When talking about Deferreds its important to note that there are two parts to each Deferred implementation: the callers and the callees.  The callers are the functions that either do something that other functions are waiting for or functions that take action based on the results of another function.  The callees are the functions that depend on the results of at least one of the callee functions.

The Callers

Like I mentoned before, the caller functions are divided into two parts: the functions that do something that other functions depend on, and the functions that take action based on the the results of other functions.  The when(deferrds)function is the first part of the callers and is a wrapper for all of the functions have results that other functions are waiting for.  jQuery will execute the functions passed into when immediately and asynchrouously.  This means if we have the following code:

func1(), func2(), and func()will all be called at approximately the same time.  

Functions passed into when are expected to return a promise object back to the when() function.  This promise will either be resolved or rejected (more on these in the callees section) by the function passed into when, and based on this result one of callback functions will be called.  

The second part of the callers are the functions that respond to the results of the functions passed into the when function.  The three functions are: then, done, and fail.  The then(doneCallbacks, failCallbacks) is a single method that encapsulates the functionality of the done() and fail() callbacks.  The first argument to the then function is a function, or array of functions, that will be called when all the functions passed into the when() function are resolved.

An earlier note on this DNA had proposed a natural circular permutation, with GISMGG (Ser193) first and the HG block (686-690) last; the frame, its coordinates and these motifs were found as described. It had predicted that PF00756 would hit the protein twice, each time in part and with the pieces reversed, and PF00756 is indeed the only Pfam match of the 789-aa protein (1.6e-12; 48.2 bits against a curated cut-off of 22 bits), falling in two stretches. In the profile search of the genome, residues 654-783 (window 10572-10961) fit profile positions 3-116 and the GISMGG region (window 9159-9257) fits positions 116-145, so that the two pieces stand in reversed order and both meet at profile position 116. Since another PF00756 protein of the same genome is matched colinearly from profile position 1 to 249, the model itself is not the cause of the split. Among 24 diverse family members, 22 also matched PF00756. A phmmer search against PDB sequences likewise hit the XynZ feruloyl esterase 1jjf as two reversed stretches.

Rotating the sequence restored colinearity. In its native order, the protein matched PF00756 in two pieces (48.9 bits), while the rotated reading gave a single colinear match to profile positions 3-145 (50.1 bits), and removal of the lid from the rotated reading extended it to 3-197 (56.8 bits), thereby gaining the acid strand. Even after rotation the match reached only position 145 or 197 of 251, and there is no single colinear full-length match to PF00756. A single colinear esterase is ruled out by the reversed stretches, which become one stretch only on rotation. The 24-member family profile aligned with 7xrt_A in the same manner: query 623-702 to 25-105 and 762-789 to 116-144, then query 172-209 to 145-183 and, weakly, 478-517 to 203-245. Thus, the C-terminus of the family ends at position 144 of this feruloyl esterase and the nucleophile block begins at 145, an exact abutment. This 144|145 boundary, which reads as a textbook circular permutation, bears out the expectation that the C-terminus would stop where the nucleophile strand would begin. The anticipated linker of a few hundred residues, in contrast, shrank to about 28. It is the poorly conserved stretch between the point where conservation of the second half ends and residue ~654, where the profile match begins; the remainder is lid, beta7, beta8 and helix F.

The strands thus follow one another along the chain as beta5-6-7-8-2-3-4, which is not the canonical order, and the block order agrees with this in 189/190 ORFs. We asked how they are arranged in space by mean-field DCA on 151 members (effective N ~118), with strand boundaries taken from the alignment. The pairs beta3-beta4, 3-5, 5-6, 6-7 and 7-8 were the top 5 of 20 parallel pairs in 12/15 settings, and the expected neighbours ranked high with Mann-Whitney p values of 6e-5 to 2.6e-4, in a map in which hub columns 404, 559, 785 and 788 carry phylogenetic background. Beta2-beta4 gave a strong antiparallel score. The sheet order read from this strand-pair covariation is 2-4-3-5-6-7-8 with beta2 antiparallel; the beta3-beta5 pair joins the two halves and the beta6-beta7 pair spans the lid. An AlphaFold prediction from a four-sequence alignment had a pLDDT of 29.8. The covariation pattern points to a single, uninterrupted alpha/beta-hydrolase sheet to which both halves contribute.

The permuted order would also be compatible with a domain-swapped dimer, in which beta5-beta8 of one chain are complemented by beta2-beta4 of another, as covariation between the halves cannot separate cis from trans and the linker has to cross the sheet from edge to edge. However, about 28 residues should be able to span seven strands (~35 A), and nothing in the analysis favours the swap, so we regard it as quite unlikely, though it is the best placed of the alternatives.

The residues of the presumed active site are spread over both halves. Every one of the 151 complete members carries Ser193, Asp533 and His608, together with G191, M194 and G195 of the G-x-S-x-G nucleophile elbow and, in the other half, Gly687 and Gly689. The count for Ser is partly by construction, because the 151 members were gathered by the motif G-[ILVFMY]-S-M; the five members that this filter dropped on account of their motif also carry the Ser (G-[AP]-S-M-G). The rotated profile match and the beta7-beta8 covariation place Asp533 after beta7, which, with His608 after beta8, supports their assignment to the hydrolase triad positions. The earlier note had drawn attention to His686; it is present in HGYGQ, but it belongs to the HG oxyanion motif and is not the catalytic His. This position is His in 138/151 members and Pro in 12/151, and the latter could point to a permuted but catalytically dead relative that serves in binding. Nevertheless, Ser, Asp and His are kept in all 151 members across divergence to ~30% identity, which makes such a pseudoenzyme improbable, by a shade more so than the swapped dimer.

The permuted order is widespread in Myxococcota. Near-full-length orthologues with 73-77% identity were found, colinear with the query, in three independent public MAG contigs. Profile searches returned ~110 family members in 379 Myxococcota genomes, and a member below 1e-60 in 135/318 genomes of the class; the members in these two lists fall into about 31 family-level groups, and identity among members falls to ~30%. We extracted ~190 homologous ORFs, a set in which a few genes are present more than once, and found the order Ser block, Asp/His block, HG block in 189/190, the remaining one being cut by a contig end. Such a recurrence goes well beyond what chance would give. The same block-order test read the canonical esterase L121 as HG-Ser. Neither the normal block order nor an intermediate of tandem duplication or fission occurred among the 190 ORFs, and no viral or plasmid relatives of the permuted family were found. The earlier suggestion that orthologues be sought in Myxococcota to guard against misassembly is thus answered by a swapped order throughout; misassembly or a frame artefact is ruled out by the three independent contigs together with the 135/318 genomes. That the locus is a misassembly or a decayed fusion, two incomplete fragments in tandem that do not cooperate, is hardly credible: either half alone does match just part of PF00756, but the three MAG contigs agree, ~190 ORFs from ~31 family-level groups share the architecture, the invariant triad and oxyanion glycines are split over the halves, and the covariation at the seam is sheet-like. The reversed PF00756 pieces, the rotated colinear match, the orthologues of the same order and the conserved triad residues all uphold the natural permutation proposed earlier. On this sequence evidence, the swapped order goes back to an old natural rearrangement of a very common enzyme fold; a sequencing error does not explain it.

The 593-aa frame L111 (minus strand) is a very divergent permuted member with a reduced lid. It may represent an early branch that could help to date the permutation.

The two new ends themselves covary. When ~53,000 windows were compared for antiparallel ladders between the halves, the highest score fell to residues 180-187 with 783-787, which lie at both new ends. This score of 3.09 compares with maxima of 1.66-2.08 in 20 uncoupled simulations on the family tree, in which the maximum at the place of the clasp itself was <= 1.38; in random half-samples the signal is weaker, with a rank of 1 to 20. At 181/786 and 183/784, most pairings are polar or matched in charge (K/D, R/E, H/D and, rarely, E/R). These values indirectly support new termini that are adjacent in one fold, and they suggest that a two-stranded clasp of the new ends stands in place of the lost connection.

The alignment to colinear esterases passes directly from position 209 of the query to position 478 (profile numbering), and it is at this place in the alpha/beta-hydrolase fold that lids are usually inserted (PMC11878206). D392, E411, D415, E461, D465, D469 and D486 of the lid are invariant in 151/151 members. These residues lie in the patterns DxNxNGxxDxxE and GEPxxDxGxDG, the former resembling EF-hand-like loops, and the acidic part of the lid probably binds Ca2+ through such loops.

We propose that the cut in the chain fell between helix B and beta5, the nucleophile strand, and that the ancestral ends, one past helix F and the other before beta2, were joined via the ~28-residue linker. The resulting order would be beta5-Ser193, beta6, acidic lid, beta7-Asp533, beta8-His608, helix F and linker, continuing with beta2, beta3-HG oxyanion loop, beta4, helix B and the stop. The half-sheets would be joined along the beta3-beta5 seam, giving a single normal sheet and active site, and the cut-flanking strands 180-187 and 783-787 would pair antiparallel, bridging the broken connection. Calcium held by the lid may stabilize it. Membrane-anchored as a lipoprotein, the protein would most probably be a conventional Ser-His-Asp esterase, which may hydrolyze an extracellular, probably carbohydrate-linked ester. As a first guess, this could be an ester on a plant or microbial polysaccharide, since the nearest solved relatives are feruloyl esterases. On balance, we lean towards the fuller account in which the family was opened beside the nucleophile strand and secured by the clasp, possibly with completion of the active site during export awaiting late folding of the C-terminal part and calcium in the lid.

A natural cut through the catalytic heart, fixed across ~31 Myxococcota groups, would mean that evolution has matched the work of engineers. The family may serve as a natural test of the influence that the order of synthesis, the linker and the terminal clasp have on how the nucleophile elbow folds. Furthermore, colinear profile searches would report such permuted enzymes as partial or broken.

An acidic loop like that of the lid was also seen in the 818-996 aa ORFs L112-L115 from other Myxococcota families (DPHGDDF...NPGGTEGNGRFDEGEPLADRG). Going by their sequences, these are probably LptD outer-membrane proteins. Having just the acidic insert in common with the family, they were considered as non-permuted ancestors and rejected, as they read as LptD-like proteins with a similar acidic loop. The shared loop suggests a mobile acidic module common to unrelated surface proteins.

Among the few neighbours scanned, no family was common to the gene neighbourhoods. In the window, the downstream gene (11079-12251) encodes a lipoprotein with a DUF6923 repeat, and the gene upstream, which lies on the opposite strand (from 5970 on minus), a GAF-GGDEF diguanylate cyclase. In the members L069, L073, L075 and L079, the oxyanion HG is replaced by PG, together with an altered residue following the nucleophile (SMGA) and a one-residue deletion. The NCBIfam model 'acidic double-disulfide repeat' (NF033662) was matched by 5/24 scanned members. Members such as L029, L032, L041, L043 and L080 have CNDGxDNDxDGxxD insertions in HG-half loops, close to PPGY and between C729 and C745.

The second argument passed into the then function is a function, or array of functions, that will be immediately invoked as soon as any of the functions passed into the when() function are rejected  The then and done functions will receive arguments from each function passed into the when function, in the order they were passed.   These arguments are passed into them via the resolve and reject methods (we will talk about when we discuss the callees).  If you'd like to be a bit more expressive in your code instead of using the then() you can specify the doneCallbacks and failCallbacks in the done() and fail() methods.  These methods are called the same was as the doneCallbacks, and failCallbacks of the then() function.

The Callees

When functions are passed into the when function jQuery expects these functions to return a promise to it.  A promise is just a message telling the when function that sometime in the future the function is either going to send it a  reject( args ) or resolve( args ) message.  Once the when function receives the promise object from a function it just sits and waits for a response.  The callee functions can also pass information back to the when function by passing arguments into the reject and resolve methods (I'll show you an example of this in the real world example).  Lets take a look at a typical callee function that implements the Deferred object and talk a bit more about what is going on: